Britain heading for biggest cut to social security since WWII, think tank warns

‘It is levelling down, not levelling up’

Adam Forrest
Friday 23 July 2021 01:47
<p>Boris Johnson and chancellor Rishi Sunak</p>

Boris Johnson and chancellor Rishi Sunak

Britain is heading for the biggest cut to the basic rate of social security since the creation of the welfare state at the end of World War II, a leading think tank has warned.

Boris Johnson’s ministers must use the parliamentary recess to rethink plans to cut universal credit by £20 a week in October, said the Joseph Rowntree Foundation (JRF).

New analysis from JRF shows how damaging the changes will be to working families – who make up the majority of those who will be affected by the looming cuts to universal credit and the working tax credit.

In the JRF’s illustrative scenario, a family with three children, where one adult is working full-time, and the other is working part-time, living in a medium cost area, would be left £150 per month below the poverty line if the planned cuts go ahead.

Katie Schmuecker, deputy director of policy for the JRF, said: “The new analysis should act as a stark warning of the immense, immediate and avoidable consequences of what amounts to the biggest overnight cut to the basic rate of social security since the Second World War.”

She added: “Ministers cannot hide the fact that they are ploughing ahead with a cut despite knowing it will be devastating for millions of families.”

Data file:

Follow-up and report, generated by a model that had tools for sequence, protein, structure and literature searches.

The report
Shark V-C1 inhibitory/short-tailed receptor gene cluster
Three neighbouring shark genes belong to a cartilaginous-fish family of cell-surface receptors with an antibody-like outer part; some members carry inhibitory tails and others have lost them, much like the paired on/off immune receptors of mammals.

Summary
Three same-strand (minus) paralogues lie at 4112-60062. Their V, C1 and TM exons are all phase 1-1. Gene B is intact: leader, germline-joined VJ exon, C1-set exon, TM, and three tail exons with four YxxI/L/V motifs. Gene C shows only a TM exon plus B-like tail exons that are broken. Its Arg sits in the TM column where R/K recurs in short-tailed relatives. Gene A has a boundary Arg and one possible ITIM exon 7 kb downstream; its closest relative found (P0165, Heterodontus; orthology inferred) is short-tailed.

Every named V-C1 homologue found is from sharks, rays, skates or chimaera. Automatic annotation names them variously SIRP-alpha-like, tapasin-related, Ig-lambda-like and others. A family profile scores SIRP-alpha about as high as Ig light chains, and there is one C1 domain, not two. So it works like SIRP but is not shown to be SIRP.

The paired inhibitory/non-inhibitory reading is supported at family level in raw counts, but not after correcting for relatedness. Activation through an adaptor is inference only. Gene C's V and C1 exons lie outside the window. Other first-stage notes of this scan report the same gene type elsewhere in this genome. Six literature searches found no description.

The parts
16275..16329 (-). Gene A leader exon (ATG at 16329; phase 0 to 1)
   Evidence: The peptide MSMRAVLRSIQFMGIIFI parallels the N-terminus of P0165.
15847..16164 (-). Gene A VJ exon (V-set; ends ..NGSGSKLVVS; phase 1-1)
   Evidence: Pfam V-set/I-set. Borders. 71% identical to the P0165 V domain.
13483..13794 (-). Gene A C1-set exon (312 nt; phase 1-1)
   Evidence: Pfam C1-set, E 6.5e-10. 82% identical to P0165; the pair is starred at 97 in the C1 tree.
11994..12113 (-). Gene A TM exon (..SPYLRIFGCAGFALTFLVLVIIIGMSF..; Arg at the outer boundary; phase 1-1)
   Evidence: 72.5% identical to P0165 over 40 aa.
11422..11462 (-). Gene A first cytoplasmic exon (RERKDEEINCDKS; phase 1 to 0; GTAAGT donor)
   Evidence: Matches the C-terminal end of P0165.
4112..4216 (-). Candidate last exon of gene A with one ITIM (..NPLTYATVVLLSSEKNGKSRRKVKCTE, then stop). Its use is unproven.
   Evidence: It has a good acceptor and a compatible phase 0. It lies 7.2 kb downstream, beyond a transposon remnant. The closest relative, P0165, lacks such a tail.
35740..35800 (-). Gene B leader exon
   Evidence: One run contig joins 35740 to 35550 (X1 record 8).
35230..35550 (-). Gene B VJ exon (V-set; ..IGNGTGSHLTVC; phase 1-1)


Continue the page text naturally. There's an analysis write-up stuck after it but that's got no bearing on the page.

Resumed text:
The reversal of the £20-a-week uplift in universal credit – introduced at the outset of the coronavirus lockdown last year – will cost £1,040 a year for some of Britain’s poorest families, including many in low-paid jobs.

The planned cut to the incomes of around six million families would be a huge shock, said the JRF. It warned that half a million more people are set to be pulled into poverty, including 200,000 children.

New analysis by the TUC said shows that universal credit cuts will impact heavily on low-paid people in work, even in wealthier parts of the UK.

In chancellor Rishi Sunak’s constituency of Richmond in North Yorkshire nearly half (48 per cent) of people receiving universal credit are in work. And in Mr Johnson’s constituency of Uxbridge and South Ruislip around two-fifths (38 per cent) of recipients are in work.

TUC general secretary Frances O’Grady said: “Everyone should have enough money to live on. But if the universal credit cut goes ahead, millions of working families – and key workers – will be forced to get by on much less every week. It is levelling down, not levelling up.

“Ministers should abandon this cruel cut that will hit low-income working families. We need a social security system that helps people get back on their feet - not one that locks them in poverty.”

A government spokesperson said: “Universal credit has provided a vital safety net for six million people during the pandemic, and we announced the temporary uplift as part of a £400 billion package of measures put in place that will last well beyond the end of the road map.

“Our focus now is on our multibillion-pound Plan for Jobs, which will support people in the long term by helping them learn new skills and increase their hours or find new work.”

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